Turf goes ‘Space Age’ : GPS isn’t just for golf courses anymore.

Remember when all you had was a citizen band radio to communicate with crews and a hand calculator to price out jobs? All that is changing as the Space Age comes down to Earth. Advances in technology have made cell phones commonplace, while personal computers store business data and calculate job specs at the speed of light. The next phase of change will unfold in navigation technology, mapping from space and machine diagnostics.

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Relics of Cold War thinking

Research on satellite navigation began in the 1960s, dreamed up by Cold Warriors. For the commander of a Polaris submarine to launch a nuclear-tipped missile accurately, he had to know his sub’s precise location. In 1968, the United States launched 23 Navy Transit satellites — the first navigation satellites — to pinpoint submarine positions anywhere on or under the seas.

The U.S. Air Force pursued a similar idea with the Global Positioning System (GPS). The idea was to place 24 satellites in orbit, which is what the United States did in 1995 at a cost of $10 billion. These Navstar satellites weigh 210 lbs., look down from a height of 12,000 miles and circle the world every 12 hours. To determine an exact location, readings are needed from four satellites: three for triangulation and one to fix altitude above sea level.

Down to turf159

Now that civilians have access to Navstar satellites and GPS, all kinds of interesting projects that can solve chronic problems in the lawn care industry are under development. Here are just a few of the ideas on the drawing board at places like John Deere Special Technologies, a subsidiary of Deere and Company:

  1. You know the exact location of your large mowing machines. The key word is “embedded.” A GPS terminal can be embedded in the engine area of a machine so it can’t be removed or disabled easily. The terminal can read coded signals from four Navstar satellites and determine its precise location. A computer screen will show the exact location of every major piece of equipment overlaid on a map of your community so you, as manager, know where every crew is working. You have the “big picture” right in front of you.
  2. You know if something is missing and how to find it. If a wide-area front mower disappears from your inventory, you can track it down without using bloodhounds. Just snap on your “big picture” screen to locate machines. In the evening, all your machines except one are shown clustered around the shop. And there, on your screen, will be the missing machine at the corner of Main St. and Elm Ave. Send the cops to retrieve your stolen mower.
  3. You can collect important data about crew routes and mowing times. Connect the GPS to your personal computer, log in and find out all kinds of information about routes that crews take to job sites, time it takes to mow and trim each job and the use of trailers. All this knowledge stored in your computer can be evaluated by smart software, or expert programs that can give you tips on how to load trailers more efficiently and create routes that help crews cover more jobs in a day. The result is increased productivity and improved profitability. Someday, a system such as this will help you price jobs more effectively to counter competition and increase your income.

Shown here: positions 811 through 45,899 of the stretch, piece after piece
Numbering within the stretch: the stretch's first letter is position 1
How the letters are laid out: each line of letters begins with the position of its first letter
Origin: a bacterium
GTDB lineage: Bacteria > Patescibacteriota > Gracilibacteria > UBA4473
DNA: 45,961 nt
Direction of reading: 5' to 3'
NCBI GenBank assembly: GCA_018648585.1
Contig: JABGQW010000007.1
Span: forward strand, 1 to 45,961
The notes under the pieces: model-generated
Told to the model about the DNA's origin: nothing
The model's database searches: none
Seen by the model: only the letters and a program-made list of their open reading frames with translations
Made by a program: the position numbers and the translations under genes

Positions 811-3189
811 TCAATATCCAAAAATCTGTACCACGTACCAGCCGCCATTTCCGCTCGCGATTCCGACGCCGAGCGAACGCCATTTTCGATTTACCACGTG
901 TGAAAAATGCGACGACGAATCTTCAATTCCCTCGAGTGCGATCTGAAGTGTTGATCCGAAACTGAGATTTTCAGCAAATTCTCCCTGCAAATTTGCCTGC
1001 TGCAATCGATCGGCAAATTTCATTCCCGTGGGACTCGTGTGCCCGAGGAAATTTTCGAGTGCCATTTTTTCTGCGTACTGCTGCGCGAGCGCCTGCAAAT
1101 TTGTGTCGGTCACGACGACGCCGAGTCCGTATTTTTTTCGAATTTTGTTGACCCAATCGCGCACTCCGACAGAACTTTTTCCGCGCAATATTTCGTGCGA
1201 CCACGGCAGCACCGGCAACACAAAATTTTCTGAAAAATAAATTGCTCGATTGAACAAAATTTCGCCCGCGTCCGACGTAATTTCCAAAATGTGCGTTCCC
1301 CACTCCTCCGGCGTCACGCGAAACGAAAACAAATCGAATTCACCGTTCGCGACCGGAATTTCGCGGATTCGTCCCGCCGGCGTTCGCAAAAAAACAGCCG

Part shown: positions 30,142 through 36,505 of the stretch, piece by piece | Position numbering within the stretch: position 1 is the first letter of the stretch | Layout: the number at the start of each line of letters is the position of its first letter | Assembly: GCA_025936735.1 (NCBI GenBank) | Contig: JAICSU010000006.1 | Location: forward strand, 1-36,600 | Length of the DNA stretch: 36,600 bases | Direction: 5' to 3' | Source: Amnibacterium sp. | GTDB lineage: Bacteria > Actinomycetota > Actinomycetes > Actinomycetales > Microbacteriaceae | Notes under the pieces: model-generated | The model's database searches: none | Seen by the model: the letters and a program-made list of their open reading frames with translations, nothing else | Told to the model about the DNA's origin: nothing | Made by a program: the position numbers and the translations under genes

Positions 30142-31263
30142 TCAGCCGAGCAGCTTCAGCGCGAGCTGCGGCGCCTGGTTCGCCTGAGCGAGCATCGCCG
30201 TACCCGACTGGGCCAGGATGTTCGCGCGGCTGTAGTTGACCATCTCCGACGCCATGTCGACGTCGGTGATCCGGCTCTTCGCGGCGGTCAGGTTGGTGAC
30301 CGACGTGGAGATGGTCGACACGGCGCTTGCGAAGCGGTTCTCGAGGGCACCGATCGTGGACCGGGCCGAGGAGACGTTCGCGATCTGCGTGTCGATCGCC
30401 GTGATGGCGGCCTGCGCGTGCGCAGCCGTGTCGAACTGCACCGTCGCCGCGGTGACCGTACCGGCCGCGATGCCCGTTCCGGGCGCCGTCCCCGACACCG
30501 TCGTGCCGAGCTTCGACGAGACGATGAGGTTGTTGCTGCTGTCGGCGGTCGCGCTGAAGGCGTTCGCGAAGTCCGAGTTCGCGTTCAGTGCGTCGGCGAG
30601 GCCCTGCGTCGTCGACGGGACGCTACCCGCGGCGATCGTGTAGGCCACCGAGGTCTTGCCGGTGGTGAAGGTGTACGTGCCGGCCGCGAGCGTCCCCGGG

4. You can eliminate downtime. In the not-too-distant future, on-board sensors will monitor key components and high-wear parts to detect telltale signs of fatigue. Engineers currently use stress gauges when testing components for durability, so the next step is logical — build sensors into a machine so that it can diagnose its own problems.
  5. But don’t stop there – design the machine so it even orders its own parts. For example, when a sensor notices wear on a belt, it can send a message to a dealer who can then deliver the part to you with information about how to install it. Better yet, the dealer can send a mobile service unit to your machine and make the preventative maintenance repair on the spot. The dealer can find the machine through GPS.
  6. You can map jobs from the sky to price more accurately. It’s said that the CIA has spy satellites that can read a newspaper headline from space. Landsat satellites have been mapping the surface of the world for years. Someday, you’ll have access to that kind of technology and be able to use satellites to map each job site and determine mowing areas and trimming work precisely. This kind of information will help you price jobs more profitably and determine time-at-job more precisely for higher-volume scheduling.
  7. You can spray material with the precision of an eyedropper. Spray units guided by GPS and mapping satellites that monitor soil and plant conditions can help you meet government regulations and document every job.
  8. You can make full use of your assets with a total management system. With satellites tracking movement from space and software keeping track of your costs and revenues, you can sit in front of your “big picture” computer screen and make key decisions with more facts at your fingertips. You can ask the right questions about equipment inventory, parts storage, preventative maintenance and equipment replacement, profitability of each job, overall profitability, cash flow, wages, taxes and insurance. Plus, you can make the important decisions with a sense of confidence.
  9. That’s the promise of satellites integrated with computers. The Space Age comes down to turf by giving you more information to help you make tough business decisions with confidence.

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